The AI comes off looking bad in the game’s Alert system as well.  When enemies become aware of your presence, the radar/HUD turns from white to yellow or red, depending on how sure they are about your presence.  So far so good.  What I had a problem with was the way the AI completely forgets about you when the alert stops.  There is no “fuzzy logic” to the AI’s alert system – it’s like there is only an ON and OFF in its algorithm.  So, I had many moments where, after I had just slaughtered multiple Nazi soldiers and was being chased by soldiers who had sighted me, the alert reset, and they instantly went back to being completely oblivious to me.  I laughed as I watched German soldiers make small-talk with each other, surrounded by bodies and charred vehicles from a fire-fight just 30 seconds before, with an enemy who was clearly still right in front of them!

One other small but important bone I have to pick with Sniper Elite III is its sometimes-fuzzy collision detection.  I suffered way too many cheap deaths after some Nazi dude shot through the corner I was hiding around, or through the top of a crate I was using as a shield.  Again, it is a glaring shortcoming in a game that has such beautiful precision in its shooting and aiming mechanics.

In its level design, Sniper Elite III is good, especially at the beginning.  The first few levels are really fun, and the environments are actually quite large, enclosed set-pieces.  There are lots of enemies to deal with (as mentioned, if you are not smart enough, you can draw hordes of them and be killed pretty quickly).  You have a nice combination of Primary and Secondary Objectives to keep you interested, from killing a particular Nazi, to blowing-up artillery positions, to collecting Intel from camps. I also liked the open-ended nature of the level design, which allowed me to tackle the objectives in a variety of ways – think of each level in this game as a sort of small sandbox.  The problem for me became the repetition – new levels mostly offer more but not new objectives.  The story, in which you are Karl Fairburne, a sniper chasing the German General Franz Vahlen, is as dry as the Egyptian desert at times, and seems to provide little more than an easy set-up for more sniper action.  Even the environments and art design, which impressed me at first with their beautiful desert vistas and lush colors, grew less and less impressive the more I found myself in them.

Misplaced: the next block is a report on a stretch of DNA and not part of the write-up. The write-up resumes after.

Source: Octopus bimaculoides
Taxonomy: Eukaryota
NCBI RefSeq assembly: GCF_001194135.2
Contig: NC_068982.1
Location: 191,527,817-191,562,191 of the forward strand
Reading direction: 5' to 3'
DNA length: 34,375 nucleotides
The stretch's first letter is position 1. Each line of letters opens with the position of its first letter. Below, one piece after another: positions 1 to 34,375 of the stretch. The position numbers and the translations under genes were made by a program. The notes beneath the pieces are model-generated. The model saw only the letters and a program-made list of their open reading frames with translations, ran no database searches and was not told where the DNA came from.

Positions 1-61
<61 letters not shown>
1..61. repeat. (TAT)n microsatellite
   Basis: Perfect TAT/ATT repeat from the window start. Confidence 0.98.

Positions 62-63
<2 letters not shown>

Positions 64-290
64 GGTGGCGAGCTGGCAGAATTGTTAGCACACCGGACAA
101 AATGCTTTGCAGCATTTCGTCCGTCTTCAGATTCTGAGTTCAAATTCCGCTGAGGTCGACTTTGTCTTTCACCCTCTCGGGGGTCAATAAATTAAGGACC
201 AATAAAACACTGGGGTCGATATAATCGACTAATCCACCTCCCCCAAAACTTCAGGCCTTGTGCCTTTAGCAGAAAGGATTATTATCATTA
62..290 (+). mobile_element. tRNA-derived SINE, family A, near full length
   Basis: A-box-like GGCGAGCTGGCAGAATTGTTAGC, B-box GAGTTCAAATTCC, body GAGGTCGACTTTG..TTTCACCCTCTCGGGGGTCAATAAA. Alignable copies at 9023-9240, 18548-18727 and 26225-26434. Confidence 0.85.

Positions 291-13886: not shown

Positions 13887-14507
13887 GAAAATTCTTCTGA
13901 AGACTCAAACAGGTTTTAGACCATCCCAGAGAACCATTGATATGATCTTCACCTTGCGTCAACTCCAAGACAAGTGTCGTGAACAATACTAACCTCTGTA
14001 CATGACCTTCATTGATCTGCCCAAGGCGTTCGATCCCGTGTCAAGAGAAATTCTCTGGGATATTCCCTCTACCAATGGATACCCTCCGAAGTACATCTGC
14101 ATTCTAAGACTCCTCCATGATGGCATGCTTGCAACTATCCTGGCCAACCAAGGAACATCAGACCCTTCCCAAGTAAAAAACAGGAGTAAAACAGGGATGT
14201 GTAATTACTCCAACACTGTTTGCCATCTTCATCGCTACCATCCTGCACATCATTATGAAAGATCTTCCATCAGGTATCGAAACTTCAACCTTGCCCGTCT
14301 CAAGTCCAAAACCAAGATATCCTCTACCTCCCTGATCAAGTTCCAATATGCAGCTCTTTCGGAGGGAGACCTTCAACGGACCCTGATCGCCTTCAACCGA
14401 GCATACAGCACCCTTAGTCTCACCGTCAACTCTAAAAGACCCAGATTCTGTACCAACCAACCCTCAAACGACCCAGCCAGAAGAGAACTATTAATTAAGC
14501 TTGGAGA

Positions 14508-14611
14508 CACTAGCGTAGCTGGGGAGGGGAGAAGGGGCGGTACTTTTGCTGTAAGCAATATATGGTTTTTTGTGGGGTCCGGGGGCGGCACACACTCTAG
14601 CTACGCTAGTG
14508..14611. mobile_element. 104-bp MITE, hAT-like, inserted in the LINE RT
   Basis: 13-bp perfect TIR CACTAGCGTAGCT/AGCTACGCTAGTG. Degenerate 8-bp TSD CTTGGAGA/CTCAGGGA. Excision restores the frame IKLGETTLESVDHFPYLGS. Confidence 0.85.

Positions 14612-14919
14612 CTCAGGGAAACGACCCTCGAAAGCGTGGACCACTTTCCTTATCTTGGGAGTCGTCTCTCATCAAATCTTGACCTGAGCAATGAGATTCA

In Sniper Elite III Ultimate Edition, you get Multiplayer mode and new previously-DLC missions.  There are also a number of nice Co-op modes, which make the campaign essentially a whole new experience by adding in a second player to help clear a level.  The highlight of the extra DLC is the mission in which you save Winston Churchill from assassination.  For a history buff like me, it was a rush to play a role in such iconic moments in a video game.  As for Multiplayer, it is a mixed bag.  There did not seem to be a huge Multiplayer community when I checked – some modes offered no other players in the Lobby.  What did seem to have the numbers was Team Deathmatch.  This was reasonably fun, although it suffers from the fact that, as a sniper game, players often sat and waited for everyone else to come out in the open.  So, imagine a typical multiplayer match in which almost everyone is camping, and you have the idea.  You also do all your killing (and dying) from a distance, which gave the experience a sterile, solitary feel that left me a bit cold.  Whether or not this is your thing is for you to decide.

Sniper Elite III is, overall, a fun game and a nice alternative to the ADHD adrenaline-fests that most Shooters offer these days.  You will feel like a bona fide OSS sniper at times, as you watch your perfect shots shatter the pelvises and rupture the spleens of your Nazi enemies.  While the basic gameplay mechanic gets it right, the lackluster story and cement-headed AI keep this title from greatness.  If you are looking to try something different, Sniper Elite III Ultimate Edition is definitely worth a shot (sorry, couldn’t resist).

**Reviewed on PS4 with code provided by the publisher**


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The Bad